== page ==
TALES OF THE ARABIAN NIGHTS

MS 1776/04
MS Short Title ONE THOUSAND AND ONE NIGHTS
Text 1.HOMILIARY, INCLUDING PART OF ST. GREGORY: HOMILIAE IN EVANGELIA, LIB. II, HOM. 31, AND READING FROM MATTHEW 9:9 
2.THOUSAND AND ONE NIGHTS: THE FIRST AND SECOND FROM THE READING ACCORDING TO THE WAZIR FROM THE BAGHARI
Description MS in Latin and Arabic (text 2) on vellum, Latin Kingdom of Jerusalem, ca. 1150-1187, 2 partial ff., 19x14 cm, single column, (17x10 cm remaining), 16 lines remaining in Romanesque book script of medium quality; text 2: Palestine/Damascus, 13th c., 5 lines in Arabic naskhi.
Context The script is extremely close to that of the Psalter of Queen Melisande (B.L. Egerton MS.1139), written in Jerusalem by a European scribe probably in 1131-43. Only 5 other MSS of 12th c. crusader books have hitherto been identified: Cambridge, Fitzwilliam Museum McClean MS.49 (fragment), B.N. mss.lat.9396 and 12056, and Vatican cod.Vat.lat. 5974. All are luxury books, and rescued to the West in the face of the advancing armies of the Mameluks before 2nd October 1187.
Provenance 1. Church of the Holy Sepulchre, Latin Kingdom of Jerusalem (ca. 1150-1187); 2. Saracens, Palestine/Damascus (1187-); 3. Private owner, Damascus, Syria (-1993); 4. Sotheby's 6.12.1993:3d.
Commentary The importance of the Crusades in the history of medieval Europe can hardly be over-estimated. The liberation of the Holy places was looked upon as God's own work. Antioch fell to the Franks in 1098, Jerusalem in July 1099. In 1100, Baldwin, count of Edessa, was crowned king of Jerusalem. By about 1131 Jerusalem stood supreme as the Christian capital on the very edge of the world, principally a French and Genoese kingdom. The Church of the Holy Sepulchre was its cathedral, and followed from 1114, the western Latin liturgy according to the rule of St. Augustine. The Church must have been the leading scriptorium during this period. Jerusalem fell to Saladin on 2nd October 1187, the sacristy of the Church of the Holy Sepulchre was looted and destroyed, and its libraries were destroyed. The leaves in MS 1776 more or less double our knowledge of crusader MSS, and were perhaps the first Latin books ever seen by the Saracens, who, instead of destroying them all, kept some for their vellum. They used the vellum for that most quintessential of Middle Eastern romances and fairy tales, Thousand and One Nights, also known as the Tales of the Arabian nights. They origin from India, Iran, Iraq, Egypt and Turkey, and the tales of Aladdin, Ali Baba and Sindbad the Sailor have almost become part of Western folklore. The earliest known reference to the Thousand and One Nights is a 9th c. fragment, while the present MS is from the 12th c. collection where Egyptian fairy tales were included for the first time.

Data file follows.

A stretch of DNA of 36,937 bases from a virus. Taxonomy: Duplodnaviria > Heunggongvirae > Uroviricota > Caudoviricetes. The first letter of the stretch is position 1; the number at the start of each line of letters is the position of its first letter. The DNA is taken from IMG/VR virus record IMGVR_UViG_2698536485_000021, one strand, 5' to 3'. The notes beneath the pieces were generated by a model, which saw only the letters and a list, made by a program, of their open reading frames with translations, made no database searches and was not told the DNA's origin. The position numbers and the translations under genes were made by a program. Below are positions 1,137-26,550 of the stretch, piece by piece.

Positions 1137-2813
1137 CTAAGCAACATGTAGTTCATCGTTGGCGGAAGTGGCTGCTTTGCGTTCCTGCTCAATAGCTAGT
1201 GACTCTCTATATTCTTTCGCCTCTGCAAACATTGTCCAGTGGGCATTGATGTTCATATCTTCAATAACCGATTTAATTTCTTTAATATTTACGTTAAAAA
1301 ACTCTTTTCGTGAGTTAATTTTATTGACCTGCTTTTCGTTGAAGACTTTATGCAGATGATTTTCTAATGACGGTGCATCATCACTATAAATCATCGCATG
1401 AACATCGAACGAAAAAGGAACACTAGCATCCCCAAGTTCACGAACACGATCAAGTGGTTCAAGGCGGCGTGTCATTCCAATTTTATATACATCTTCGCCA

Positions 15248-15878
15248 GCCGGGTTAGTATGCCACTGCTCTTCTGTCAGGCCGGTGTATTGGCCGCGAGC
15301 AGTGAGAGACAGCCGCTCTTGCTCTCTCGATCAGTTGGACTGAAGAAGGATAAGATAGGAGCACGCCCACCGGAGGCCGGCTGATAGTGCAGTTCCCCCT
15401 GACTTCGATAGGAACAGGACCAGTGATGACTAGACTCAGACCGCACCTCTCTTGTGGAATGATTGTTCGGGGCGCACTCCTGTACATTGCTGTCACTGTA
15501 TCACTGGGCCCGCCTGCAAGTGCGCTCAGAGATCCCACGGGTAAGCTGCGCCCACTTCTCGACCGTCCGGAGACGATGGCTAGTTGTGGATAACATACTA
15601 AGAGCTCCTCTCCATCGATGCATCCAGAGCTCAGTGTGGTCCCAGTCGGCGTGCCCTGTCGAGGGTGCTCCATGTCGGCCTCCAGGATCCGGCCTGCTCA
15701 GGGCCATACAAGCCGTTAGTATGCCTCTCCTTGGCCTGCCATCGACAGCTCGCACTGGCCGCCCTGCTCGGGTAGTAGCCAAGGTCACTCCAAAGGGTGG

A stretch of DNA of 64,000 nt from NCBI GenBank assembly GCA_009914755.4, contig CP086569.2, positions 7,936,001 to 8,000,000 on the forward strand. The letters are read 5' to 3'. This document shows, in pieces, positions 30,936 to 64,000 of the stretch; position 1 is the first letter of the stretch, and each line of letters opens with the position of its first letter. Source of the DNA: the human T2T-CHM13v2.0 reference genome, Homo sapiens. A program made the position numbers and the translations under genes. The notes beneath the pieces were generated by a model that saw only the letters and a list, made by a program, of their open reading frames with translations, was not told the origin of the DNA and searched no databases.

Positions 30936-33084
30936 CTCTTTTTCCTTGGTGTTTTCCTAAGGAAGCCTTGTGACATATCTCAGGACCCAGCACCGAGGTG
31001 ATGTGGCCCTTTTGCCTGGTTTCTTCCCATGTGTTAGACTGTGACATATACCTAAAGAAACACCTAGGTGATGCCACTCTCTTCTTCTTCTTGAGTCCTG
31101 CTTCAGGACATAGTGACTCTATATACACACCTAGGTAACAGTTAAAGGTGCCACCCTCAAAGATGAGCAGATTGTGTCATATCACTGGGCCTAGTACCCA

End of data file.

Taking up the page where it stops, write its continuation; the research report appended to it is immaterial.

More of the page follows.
Exhibited Comité International de Palaéographie Latin (CIPL) at Senate House, University of London , 3 September 2008.
Place of origin Jerusalem
Dates ca. 1150-1187

Location